It may seem simple, but the modern roof is actually a marvel of engineering and the culmination of centuries of technological innovation. The roof, after all, is the first line of defense a building has against the elements. It must keep out rain, snow, cold air, hot air, and ultraviolet radiation. It must be resistant to the buildup of sticks, leaves, and other detritus that might otherwise compromise the roof and lead to leakage. It must also be aesthetically pleasing, as this can have an important impact on the value of a building.

One of the most important elements of a successfully designed roof is its pitch. But what is the pitch of a roof? How is it determined? Why is it so different for each roof? Read on to find out.

Parts of a Roof

The overall structure of the roof begins with layers of plywood known as decking. The decking is what gives the roof its shape, although it’s not, in and of itself, particularly strong. It must have a lot of other materials attached to it to be a proper roof.

The next layer is referred to as underlayment, which is a felt material that acts as an extra line of defense, protecting the roof from further intrusion from the elements. Shingles are placed on top of this material. The shingles may be made from any number of different materials. The most common are asphalt shingles, which are inexpensive and lightweight. However, wooden and composite shingles are also common. Somewhat less common are slate shingles, which are heavier and more expensive, although they can certainly boost the curb appeal of a home that features them.

The Pitch: One of the Most Important Design Elements

While the standard parts of the roof may not differ much from roof to roof, one aspect of design that can vary greatly is the pitch. What is the pitch of a roof, though? In simplest terms, it’s the angle of the roof. It is expressed as a rise over run equation, with the rise corresponding to 12 inches of run, or depth, on the roof.

The pitches vary quite widely, and there are several reasons for this. The local climate is a major factor. Areas with heavy rain and snowfall are likely to have very steep roofs, as this allows the water and snow to roll off the rooftop easily. Areas of low rainfall and lots of sun are likely to have flatter roofs, as these are more efficient if there isn’t a lot of inclement weather to defend against. Flatter roofs are also more efficient in high-wind areas. Otherwise, the wind may carry shingles away and necessitate costly repairs.

Why Do You Need to Know the Pitch?

Knowing the pitch of your roof is important for several reasons. Chief among them is the fact that the pitch has an important effect on the drainage of water from the roof. The slope of the roof also influences what materials you will use in the construction of the roof. Steeper roofs make use of asphalt shingles, while flatter roofs may simply make use of an additional layer of underlayment to protect from the elements.

The roof pitch also has an effect on the overall durability of the roof. Generally, roofs will last for many years, but this will depend on how they are constructed, as well as how they are maintained.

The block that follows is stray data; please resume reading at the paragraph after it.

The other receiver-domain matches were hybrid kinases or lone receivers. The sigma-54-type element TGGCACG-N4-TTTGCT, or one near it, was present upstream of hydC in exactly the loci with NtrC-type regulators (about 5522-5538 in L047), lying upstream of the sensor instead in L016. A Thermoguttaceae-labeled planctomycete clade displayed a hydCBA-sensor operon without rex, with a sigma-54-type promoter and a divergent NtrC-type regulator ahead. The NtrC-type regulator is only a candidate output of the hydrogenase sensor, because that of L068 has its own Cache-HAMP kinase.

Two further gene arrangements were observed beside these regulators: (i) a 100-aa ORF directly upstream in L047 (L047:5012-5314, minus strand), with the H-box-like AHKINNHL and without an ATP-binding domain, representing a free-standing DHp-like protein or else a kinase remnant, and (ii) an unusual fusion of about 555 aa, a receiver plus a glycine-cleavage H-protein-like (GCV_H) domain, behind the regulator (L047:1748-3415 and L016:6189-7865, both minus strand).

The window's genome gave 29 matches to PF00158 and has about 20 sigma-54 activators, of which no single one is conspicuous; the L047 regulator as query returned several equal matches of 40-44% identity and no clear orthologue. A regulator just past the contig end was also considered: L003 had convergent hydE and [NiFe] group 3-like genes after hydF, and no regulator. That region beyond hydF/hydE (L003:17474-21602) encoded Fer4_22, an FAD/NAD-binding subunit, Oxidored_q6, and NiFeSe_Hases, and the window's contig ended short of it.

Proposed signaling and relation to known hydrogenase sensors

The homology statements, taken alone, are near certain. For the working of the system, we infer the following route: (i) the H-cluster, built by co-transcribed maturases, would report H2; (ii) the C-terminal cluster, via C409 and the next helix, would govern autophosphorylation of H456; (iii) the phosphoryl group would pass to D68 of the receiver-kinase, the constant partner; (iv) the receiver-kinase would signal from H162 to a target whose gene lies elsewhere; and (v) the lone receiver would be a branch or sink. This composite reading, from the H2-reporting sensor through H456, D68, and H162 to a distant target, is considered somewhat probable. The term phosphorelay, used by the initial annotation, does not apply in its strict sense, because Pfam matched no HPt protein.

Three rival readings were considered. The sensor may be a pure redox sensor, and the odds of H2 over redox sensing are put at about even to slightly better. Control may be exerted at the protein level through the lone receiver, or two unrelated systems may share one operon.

How To Determine the Pitch of Your Roof

It is possible to determine the roof pitch of your own home with just a handful of common tools: a level, a pencil, and a tape measure. You’ll be measuring the rise over the run, which you can do from within the attic. You simply need to enter the attic and hold the level against a roof rafter. From there, measure straight up from the 12-inch mark on the level.

By making a measurement at the 12-inch mark, you can determine how much rise there is for each horizontal foot of distance. Once you have determined this, you can mark the slope, or pitch, down. It should be written as the number of inches in the rise over 12. For example, 4:12 is a common pitch. This ratio means the roof rises 4 inches for every 12 inches across.

Is It Possible for a Building to Have No Slope?

Some buildings, of course, have nearly flat rooftops. Apartment buildings and commercial buildings are among the most obvious of these. However, even these buildings do not have entirely flat rooftops. They still need to be able to drain away water, which means they usually have a pitch of anywhere from 1/2:12 to about 3:12.

If a roof was completely flat, water would pool on top of it, ultimately allowing the water to seep through and cause water damage inside of the building. That said, there are many dead flat roofs in the Portland/Vancouver Metro area. In these cases, slope can be created by use of tapered insulation during the reroofing process. Even a small amount of slope can help to prevent this.

Importance of Maintaining Pitch

Regular maintenance and repair are important for any roof, particularly one that is regularly subject to wind and weather. A roof with a higher slope may be more vulnerable to wind, but if the shingles of the roof are carried away by any wind, the bare patch may then allow rain and snow to enter the home.

Yearly maintenance and repair will help to prevent the loss of shingles as a result of heavy weather. Contact a roofing contractor such as Interstate Roofing and request a quote for a maintenance visit.